Mormons and H.R. 1

On Thursday, the House released H.R. 1, its fundamental tax reform bill. (It also released an 82-page summary of the 400+-page bill, and a 300-page JCT report on the bill.)

Now, the bill that has been presented isn’t the law that will be enacted (if any is enacted); the House is scheduled to start marking the bill up today. Still, it presents a view of the House Republicans’ vision for tax reform. I wanted to highlight three provisions that would directly impact the church and Mormons as a result of their religious practices.

Doubled Standard Deduction

The bill would double the standard deduction to an inflation-adjusted $24,400 for married taxpayers filing jointly. How would this affect Mormons and the church?

It reduces the economic incentive (and the tax savings) for tithepayers. See, while it continues to allow a deduction for charitable donations, the charitable deduction is an itemized deduction. And taxpayers have to choose between the standard deduction and itemized deductions. Taxpayers generally only itemize where the value of their itemized deductions exceeds the value of the standard deduction.

At the same time it doubles the standard deduction, the bill eliminates all but three itemized deductions. All that’s left is the charitable deduction, the mortgage interest deduction, and a deduction for property taxes (which is capped at $10,000 a year). To itemize, then, and be able to deduct tithing and other offerings, a taxpayer would have to have more than $24,400 in charitable contributions, mortgage interest, and property taxes.

Under current law, only about 1/3 of taxpayers itemize. I don’t know what proportion of taxpayers would with the expanded standard deduction, but I suspect it would be far fewer.

Does that matter, though? You may argue that taxpayers will be better off, since they’ll have a much larger amount free from taxes, and that may be true. But charitable giving is elastic; one estimate found that the increased standard deduction would lead to 28 million fewer itemizers, and up to $13 billion less in charitable giving.

And how does that affect the church? It’s unclear; what is clear, though, is that church leaders support a robust deduction for charitable giving. Limiting that deduction would likely reduce the church’s revenue; its impairment would, according to Elder Oaks, “pose[] a question about the nature and future of America.”[fn1]

Politics From the Pulpit

The bill would modify the so-called Johnson Amendment that prevents churches (and other tax-exempt organizations) from supporting or opposing candidates for office.

It wouldn’t fully eliminate it; instead, it provides that churches and their integrated auxiliaries wouldn’t be deemed to have supported or opposed a candidate for office as a result of any “homily, sermon, teaching, dialectic, or other presentation made during religious services or gatherings.” For this exception to the general rule to apply, the statement would have to be in the ordinary course of the church’s regular and customary activities, and couldn’t cause the church to incur more than a de minimis additional expense in doing so.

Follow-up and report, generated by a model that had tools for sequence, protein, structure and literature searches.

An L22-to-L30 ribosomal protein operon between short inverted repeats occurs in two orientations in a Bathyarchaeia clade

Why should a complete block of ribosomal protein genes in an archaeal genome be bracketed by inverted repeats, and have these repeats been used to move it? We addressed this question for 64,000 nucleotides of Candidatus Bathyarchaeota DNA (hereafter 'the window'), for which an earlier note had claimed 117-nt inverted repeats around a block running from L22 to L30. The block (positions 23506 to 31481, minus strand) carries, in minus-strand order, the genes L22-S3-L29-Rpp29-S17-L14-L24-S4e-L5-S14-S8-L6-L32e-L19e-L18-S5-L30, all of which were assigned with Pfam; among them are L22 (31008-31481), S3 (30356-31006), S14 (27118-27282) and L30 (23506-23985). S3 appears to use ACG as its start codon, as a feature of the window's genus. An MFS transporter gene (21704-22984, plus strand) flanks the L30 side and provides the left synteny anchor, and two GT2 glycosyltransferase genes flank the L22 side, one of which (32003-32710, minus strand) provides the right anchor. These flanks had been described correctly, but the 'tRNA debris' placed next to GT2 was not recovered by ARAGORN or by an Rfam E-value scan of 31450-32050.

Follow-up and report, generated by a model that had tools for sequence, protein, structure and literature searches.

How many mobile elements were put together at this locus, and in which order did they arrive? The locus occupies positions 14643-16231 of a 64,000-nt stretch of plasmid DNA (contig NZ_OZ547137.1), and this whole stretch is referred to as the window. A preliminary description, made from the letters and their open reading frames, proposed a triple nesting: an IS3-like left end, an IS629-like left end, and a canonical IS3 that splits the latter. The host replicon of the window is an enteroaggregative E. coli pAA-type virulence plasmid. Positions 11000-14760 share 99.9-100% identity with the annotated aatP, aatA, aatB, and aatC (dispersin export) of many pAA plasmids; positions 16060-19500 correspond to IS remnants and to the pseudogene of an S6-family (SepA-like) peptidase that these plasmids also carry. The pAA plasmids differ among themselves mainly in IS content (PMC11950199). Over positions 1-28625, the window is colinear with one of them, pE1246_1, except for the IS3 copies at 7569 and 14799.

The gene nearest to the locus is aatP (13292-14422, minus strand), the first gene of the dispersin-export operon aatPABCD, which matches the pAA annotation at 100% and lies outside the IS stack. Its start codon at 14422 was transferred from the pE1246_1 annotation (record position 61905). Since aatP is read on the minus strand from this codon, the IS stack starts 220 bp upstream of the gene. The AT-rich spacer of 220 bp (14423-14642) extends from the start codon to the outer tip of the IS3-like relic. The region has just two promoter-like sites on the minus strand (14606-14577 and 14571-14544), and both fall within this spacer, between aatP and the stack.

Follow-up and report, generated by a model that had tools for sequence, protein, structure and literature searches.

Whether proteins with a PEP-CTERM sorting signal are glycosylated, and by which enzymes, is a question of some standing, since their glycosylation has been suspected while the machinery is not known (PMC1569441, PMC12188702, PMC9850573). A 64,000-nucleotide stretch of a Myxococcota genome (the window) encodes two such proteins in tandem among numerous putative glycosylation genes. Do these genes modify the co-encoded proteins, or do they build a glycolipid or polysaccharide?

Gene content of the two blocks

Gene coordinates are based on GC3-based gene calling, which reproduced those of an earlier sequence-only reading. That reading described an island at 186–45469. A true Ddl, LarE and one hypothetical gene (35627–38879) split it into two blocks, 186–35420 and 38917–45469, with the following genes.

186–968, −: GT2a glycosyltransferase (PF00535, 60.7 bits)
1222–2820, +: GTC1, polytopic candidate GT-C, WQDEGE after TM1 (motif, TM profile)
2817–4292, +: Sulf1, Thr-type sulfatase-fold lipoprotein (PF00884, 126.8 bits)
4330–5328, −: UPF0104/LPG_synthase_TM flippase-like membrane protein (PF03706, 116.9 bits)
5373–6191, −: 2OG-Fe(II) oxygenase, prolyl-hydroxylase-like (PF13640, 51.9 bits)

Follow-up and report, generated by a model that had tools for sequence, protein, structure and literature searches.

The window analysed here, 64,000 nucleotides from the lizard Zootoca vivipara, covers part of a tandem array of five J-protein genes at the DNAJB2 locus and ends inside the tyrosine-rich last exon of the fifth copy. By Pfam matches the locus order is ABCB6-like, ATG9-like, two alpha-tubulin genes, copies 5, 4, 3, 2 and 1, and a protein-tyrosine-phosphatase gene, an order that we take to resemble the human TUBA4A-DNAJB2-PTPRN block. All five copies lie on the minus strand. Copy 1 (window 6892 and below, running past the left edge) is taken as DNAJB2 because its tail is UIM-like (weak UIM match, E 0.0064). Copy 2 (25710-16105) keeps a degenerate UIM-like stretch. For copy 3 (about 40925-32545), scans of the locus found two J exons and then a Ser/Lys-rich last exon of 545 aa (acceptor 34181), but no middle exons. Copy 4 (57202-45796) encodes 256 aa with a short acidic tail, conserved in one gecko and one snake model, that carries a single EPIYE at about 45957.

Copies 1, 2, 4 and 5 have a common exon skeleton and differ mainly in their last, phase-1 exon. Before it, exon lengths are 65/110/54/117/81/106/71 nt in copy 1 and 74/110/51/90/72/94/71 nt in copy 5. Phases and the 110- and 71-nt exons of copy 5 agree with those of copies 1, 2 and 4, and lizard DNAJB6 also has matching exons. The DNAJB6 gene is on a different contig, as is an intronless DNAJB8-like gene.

Leaving aside the question of the importance or the constitutionality of this change, what would it mean for Mormonism? Possibly nothing; the prohibition is nearly never enforced against churches, and our church’s neutrality statement instructs church leaders to avoid doing things that would risk violating the rule, and the church has previously announced that loosening the restriction wouldn’t affect that policy.

But it does mean that your bishop or stake president could theoretically get up on a Sunday and endorse candidate Joe Biden; it could also mean that a General Authority could endorse candidate Mike Pence at Conference.

Pay Limits

Okay, so this one almost certainly doesn’t affect the church. The law would impose an excise tax on tax-exempt organizations that pay employees more than $1 million. Tax-exempt organizations would owe a 20% tax on salaries in excess of that $1 million ceiling.

There’s no reason to believe that provision is aimed at churches (my first thought was college football coaches), but it doesn’t exempt churches from its coverage.

Family Values

Okay, this is a fourth thing, and I’m not going to go into detail, except to say that the changes are tremendously unfavorable to families. It eliminates deductions for adoption, it replaces personal exemptions with tax credits that disappear after five years, etc. (My friend, colleague, and coblogger Francine Lipman runs the family provisions down in more detail here.)

[fn1] It’s also worth noting that the plan would phase out, then eliminate, the estate tax, which is another significant incentive toward charitable giving.


  1. Thanks for the introductory run-down and the links.